Blemish prone skin will appear oily, shiny, and is more susceptible to blackheads, pimples or whiteheads and, in some cases, cysts. All of us will get the odd blackhead or spot occasionally, however, these symptoms are classified as ‘acne’ if they are persistent, even if they are not severe.
The body naturally produces oil (sebum) to keep the skin moisturised and protected from microorganisms and other contaminants. However, an excess of it can cause clogged pores, inflammation, spots and blemishes.
Other causes of blemish-prone skin can be due to an increased production of skin cells which causes the sebaceous gland follicles to become blocked. These blocked follicles can then become a breeding ground for bacteria and the body’s natural immune response causes the follicles to become inflamed. Puberty, pregnancy and menopause hormones can also stimulate this same response. There is usually more than one contributing factor causing your acne.
1. Cleanse daily, but not too much!
It is untrue that acne is caused by being unclean, however, keeping the skin clean with the right daily facial cleanser can help decrease blemishes and reduce the severity of future breakouts. Often we recommend a cleanser that contains mild salicylic acid which is oil-soluble, meaning it can penetrate deeper into oily skin, unclogging pores, removing excess oil and calming inflammation.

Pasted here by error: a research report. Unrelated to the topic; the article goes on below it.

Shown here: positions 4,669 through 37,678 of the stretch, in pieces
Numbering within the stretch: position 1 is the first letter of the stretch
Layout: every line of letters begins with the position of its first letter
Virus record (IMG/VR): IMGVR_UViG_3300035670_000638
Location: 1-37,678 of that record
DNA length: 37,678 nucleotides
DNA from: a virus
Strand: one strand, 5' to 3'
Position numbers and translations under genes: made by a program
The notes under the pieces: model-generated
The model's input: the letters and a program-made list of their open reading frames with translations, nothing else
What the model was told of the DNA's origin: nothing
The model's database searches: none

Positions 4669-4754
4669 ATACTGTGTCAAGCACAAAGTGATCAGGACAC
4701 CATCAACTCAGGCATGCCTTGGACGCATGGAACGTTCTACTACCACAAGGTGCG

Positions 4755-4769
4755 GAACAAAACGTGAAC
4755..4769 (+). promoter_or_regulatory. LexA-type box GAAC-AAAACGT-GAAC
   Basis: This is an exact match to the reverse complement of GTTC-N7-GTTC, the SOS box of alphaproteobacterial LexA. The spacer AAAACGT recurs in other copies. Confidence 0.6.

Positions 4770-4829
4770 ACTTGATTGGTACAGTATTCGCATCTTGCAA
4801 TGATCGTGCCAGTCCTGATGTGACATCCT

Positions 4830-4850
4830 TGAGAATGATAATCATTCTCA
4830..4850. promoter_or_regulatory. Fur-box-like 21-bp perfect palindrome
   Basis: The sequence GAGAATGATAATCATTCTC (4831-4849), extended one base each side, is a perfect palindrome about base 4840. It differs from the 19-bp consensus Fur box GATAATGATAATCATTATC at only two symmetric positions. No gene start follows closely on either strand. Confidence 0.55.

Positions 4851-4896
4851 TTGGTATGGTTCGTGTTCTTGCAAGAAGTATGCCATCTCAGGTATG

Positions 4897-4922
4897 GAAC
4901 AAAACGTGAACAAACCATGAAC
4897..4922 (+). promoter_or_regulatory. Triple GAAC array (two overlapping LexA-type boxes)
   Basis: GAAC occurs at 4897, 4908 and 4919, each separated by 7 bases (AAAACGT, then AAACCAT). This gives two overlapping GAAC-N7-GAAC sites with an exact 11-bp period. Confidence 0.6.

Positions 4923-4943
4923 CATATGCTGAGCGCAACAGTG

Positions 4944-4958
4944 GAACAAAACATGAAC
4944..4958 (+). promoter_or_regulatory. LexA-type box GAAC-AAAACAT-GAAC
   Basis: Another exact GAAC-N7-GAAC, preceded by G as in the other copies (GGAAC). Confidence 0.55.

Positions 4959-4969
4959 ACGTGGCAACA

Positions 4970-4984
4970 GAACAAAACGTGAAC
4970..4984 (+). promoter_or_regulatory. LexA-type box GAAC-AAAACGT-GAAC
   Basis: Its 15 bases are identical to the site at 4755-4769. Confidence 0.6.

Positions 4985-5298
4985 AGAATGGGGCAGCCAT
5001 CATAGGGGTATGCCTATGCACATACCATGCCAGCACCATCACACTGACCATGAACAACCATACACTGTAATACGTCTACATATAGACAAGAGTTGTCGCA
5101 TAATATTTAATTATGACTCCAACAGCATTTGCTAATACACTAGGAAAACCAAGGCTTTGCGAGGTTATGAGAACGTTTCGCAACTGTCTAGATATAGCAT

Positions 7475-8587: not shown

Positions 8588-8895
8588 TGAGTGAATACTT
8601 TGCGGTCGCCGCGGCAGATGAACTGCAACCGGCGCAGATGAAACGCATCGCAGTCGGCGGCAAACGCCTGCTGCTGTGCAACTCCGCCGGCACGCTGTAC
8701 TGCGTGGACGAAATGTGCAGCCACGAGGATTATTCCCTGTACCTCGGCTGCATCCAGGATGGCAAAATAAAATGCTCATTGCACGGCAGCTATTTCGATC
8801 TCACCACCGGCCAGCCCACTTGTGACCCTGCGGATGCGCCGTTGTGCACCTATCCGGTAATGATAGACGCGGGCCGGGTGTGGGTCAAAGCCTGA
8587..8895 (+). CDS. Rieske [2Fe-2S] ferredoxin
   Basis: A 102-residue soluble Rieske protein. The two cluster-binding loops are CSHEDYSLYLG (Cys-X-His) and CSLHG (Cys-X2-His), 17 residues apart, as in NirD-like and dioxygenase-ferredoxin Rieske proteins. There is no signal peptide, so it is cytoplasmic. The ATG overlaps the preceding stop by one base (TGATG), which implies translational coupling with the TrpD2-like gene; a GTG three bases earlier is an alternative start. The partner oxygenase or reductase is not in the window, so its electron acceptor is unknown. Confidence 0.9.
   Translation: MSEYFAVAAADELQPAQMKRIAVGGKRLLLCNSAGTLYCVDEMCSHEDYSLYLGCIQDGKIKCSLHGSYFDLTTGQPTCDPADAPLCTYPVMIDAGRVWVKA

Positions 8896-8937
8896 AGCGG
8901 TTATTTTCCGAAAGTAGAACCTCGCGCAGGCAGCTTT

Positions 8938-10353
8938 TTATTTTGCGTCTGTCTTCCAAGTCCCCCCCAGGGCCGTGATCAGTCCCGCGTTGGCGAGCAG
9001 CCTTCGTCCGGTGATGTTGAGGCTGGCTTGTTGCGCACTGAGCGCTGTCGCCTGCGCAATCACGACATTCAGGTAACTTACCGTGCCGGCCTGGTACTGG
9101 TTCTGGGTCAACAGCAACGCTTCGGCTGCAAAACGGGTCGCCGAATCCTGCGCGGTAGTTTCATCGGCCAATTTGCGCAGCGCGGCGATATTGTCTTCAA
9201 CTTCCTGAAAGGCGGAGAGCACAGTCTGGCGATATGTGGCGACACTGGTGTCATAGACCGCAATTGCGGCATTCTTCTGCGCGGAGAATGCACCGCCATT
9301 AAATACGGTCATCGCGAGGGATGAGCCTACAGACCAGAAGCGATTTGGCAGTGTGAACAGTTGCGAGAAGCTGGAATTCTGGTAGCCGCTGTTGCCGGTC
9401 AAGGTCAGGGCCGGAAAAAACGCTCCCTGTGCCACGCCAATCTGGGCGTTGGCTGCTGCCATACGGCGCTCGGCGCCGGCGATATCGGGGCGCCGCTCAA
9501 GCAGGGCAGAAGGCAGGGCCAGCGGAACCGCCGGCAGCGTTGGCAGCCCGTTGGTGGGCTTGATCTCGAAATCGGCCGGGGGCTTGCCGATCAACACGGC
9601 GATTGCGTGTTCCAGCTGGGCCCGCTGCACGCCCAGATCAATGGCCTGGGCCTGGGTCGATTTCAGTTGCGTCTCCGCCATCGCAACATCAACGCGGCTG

It’s also very important though not to strip the skin of oils by washing too much because that will make the problem worse by stimulating your skin to produce more oil to replace that which has been stripped; your practitioner will give you advice specific to you on the frequency of use. We’ve all got bacteria on our skin so please remember this is nothing to do with how frequently we wash.
2. Use mineral-based makeups
Sometimes makeup can make blemishes worse, so don’t try and cover them up with thick makeup as this can quickly become a vicious cycle – it’s a much better idea to ask for help with treating them. And if you want to try and cover them up, make sure you use mineral-based makeups which aren’t too heavy and will enable your skin to breathe. Whenever you can, try to go makeup-free to give your skin a rest.
3. Use a Facial Oil
If you already have oily skin you may think that applying facial oil is going to make things worse. However, it all depends on the type of facial oil as some work best for dry skin and others work best for oily skin; they are very different in thickness and function and should be used for a reason other than simply moisturising. We often recommend non-comedogenic products which contain key ingredients for acne, such as retinol, So don’t be concerned if that is the case with you as they will be designed specifically for blemish-prone skin. We can recommend the best oil for your skin type, if appropriate, during a skin consultation.
4. Use an acne friendly moisturiser